Such is its proven ability to make or break an entrepreneur, the need to get your business plan right can hardly be overstated
In anyone’s mind, the business plan would probably rank fairly high on a list of ‘documents not to screw up’. Therefore, we figured it may not be the worst idea in the world to call in an angel investor, a business plan expert and a finance guru for some much-needed insight. Unsurprisingly there was a recurring theme in their reflections: it’s not so much about making a ‘fault-free’ business plan – it’s about presenting one that grabs an investor’s attention from the outset.
Understand your business
It almost goes without saying that, to stand any chance of investment, an entrepreneur’s product or service has to solve a problem that has never been solved before. Or, failing that, solves it in a more efficient and cost-effective way than what’s already out there.
“One of the biggest problems investors report back is that entrepreneurs are not clear about what they do,” comments Johnny Martin, financial fitness coach for accounting software firm Intuit and founder of financial mentoring service Johnny Martin Business Education. “There is a failure to explain the pain as it were. You have got to make sure you are really clear why you are different from other companies. Why are people going to come to you, as opposed to anybody else?”
Sort your figures out
At the end of the day, it’s all about the money for investors. It has to take something pretty special for them to part with a hefty wad of cash, safe in the knowledge that it will multiply over the next few years. That is why accurate financial forecasting, especially of cashflow, is imperative, according to Sabrina Parsons, CEO of global business planning software and small business solutions firm Palo Alto Software.
“If you do a cashflow forecast correctly, you will actually see when your balance goes negative and that is where you insert a loan or a credit line, or investor money,” says Parsons. “Too often, you see that piece missing and if you look at the one reason small businesses fail, it’s not because they are not profitable, it is because they have run out of cash.”
It is probably worth knowing what your break-even point is too, suggests Martin. “That is a key financial milestone,” he says.
What valuation have you put on your business? “It is only of laughable interest,” suggests angel investor Bill Morrow, founder and CEO of website Angels Den, which connects investors with entrepreneurs. “Most entrepreneurs have absolutely no idea what the valuation of their business is, but you are stupid and naïve if you think you are worth £1bn and you haven’t sold anything yet.” As bluntly as he puts it, Morrow hits the nail on the head here – the only way an entrepreneur can be taken seriously is by displaying a healthy dose of realism.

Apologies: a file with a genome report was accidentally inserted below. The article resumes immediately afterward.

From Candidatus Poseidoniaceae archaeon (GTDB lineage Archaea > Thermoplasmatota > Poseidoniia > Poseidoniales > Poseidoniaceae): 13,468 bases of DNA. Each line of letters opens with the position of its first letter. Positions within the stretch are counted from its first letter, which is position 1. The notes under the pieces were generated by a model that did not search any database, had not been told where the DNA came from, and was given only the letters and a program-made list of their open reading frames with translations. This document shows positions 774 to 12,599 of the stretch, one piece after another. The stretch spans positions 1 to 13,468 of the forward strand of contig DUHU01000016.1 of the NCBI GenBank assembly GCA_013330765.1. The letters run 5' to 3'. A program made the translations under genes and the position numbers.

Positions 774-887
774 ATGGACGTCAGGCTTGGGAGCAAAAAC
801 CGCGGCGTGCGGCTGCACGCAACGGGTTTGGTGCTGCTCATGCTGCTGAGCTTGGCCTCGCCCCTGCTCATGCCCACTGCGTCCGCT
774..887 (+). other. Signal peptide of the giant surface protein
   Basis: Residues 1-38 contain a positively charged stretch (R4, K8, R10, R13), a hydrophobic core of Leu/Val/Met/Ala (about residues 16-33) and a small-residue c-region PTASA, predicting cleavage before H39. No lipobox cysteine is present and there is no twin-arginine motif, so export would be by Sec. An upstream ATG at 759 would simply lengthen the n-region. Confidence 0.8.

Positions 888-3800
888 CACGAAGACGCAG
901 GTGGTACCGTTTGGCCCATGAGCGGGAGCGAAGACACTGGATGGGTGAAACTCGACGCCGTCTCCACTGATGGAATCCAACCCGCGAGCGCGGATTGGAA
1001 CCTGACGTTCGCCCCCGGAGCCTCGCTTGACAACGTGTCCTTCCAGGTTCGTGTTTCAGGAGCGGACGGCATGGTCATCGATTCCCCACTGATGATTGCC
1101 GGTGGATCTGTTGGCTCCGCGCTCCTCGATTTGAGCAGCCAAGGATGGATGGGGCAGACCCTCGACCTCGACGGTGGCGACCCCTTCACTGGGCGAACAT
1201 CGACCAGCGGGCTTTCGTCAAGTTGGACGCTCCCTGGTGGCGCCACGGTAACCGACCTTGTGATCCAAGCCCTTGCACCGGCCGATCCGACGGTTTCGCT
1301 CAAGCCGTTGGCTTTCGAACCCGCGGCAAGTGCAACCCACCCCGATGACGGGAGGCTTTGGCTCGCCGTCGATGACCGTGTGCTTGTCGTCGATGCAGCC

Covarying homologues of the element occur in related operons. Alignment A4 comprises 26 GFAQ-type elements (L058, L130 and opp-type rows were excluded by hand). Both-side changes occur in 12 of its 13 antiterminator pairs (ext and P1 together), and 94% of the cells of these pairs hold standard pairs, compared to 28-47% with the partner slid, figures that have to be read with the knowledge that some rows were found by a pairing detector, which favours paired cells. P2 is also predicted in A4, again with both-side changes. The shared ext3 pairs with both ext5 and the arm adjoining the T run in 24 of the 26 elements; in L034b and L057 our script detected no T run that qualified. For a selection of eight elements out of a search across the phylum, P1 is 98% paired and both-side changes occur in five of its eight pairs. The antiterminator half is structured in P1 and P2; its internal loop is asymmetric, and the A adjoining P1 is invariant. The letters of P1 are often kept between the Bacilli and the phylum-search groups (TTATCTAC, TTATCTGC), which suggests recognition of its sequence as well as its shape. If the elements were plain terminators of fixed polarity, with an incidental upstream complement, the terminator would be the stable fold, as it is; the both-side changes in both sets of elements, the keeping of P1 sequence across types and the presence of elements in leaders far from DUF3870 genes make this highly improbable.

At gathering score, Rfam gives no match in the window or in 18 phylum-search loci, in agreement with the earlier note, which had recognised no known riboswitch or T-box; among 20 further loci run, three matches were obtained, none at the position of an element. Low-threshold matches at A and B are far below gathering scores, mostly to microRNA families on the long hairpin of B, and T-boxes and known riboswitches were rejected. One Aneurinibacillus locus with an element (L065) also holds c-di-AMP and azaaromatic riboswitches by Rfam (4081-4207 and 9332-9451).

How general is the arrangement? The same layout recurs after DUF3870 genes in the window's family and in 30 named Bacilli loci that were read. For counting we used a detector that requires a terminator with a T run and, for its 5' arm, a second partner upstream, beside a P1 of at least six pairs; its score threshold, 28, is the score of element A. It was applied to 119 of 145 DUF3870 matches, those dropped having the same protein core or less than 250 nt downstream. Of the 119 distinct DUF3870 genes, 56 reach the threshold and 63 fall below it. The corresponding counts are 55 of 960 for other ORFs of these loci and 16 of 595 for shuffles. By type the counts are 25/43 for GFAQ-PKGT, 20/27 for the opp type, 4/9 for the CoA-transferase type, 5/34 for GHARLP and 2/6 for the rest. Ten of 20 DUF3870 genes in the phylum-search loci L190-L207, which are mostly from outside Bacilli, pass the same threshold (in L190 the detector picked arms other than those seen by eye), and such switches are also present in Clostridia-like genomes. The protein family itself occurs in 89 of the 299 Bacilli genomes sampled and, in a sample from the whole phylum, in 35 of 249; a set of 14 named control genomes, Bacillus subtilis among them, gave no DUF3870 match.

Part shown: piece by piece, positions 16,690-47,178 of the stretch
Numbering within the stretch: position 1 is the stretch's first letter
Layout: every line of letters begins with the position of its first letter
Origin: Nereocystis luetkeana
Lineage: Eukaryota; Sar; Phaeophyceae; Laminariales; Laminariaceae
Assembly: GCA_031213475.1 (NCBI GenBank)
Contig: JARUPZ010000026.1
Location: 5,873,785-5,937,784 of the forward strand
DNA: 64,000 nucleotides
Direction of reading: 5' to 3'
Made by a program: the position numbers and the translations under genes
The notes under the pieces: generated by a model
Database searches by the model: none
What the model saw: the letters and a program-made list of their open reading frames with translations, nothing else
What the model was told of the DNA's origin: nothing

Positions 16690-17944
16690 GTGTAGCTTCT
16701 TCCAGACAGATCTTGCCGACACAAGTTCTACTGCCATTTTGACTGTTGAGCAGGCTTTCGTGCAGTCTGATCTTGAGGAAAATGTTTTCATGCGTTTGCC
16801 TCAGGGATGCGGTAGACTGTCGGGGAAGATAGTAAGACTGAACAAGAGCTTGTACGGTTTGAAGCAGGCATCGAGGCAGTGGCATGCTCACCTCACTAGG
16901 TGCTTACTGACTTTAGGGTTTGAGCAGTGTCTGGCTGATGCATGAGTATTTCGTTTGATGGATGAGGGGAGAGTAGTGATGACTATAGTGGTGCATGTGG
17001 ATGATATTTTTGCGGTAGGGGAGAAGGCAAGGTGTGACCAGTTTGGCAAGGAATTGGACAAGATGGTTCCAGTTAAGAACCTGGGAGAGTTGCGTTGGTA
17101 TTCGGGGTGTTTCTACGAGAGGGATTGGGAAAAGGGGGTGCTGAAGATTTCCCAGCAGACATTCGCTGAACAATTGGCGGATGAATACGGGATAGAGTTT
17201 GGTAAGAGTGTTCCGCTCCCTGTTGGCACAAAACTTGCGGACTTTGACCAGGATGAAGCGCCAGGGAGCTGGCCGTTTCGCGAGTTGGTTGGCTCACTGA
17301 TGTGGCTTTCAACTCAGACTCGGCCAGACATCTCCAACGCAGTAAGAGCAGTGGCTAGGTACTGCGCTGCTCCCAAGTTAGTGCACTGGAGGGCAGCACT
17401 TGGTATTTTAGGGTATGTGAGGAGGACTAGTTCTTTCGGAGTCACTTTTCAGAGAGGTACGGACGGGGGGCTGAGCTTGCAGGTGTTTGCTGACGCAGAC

“One of the things I see a lot of people do is shy away from admitting that maybe they don’t know everything,” says Parsons. “The reality is that the business plan is about realistically putting out what you can actually do, in what time frame you can do it, and how much money you need to do it.”
Fill the gaps
So, you’ve convinced an investor you have a product that plugs a hole in the market, but in order to really make them dig into their pockets, it is relatively important to explain why you actually require an investment of cash.
Parsons explains: “One of the biggest mistakes I see in business planning is two or three founders who are going to do everything, and are positioned as if they know everything. It is much better for someone starting the business, or who has an ongoing business, to recognise where there may be some holes in the management team. In their plan, it’s worth saying that one of the things they are going to do if they raise money, or if they get sales to a certain point, is to hire a VP (vice president) of sales who has enterprise sales experience, because nobody else on the team does.”
Back to basics
Finally, it would probably be of some assistance to the entrepreneur to make the business plan easily accessible to the investor, and free from obvious mistakes. “There is an accepted format for business plans and you just want to follow that,” says Martin. “Don’t try and re-invent the wheel.”
Length is also a conundrum for some entrepreneurs but generally it would appear to be a case of the shorter the better – at least initially. “Everybody reads information so quickly and they don’t want to spend a lot of time,” explains Parsons. “So, what you want is to get in the door with a really great summary document and you can’t do that if you don’t have the basics right.”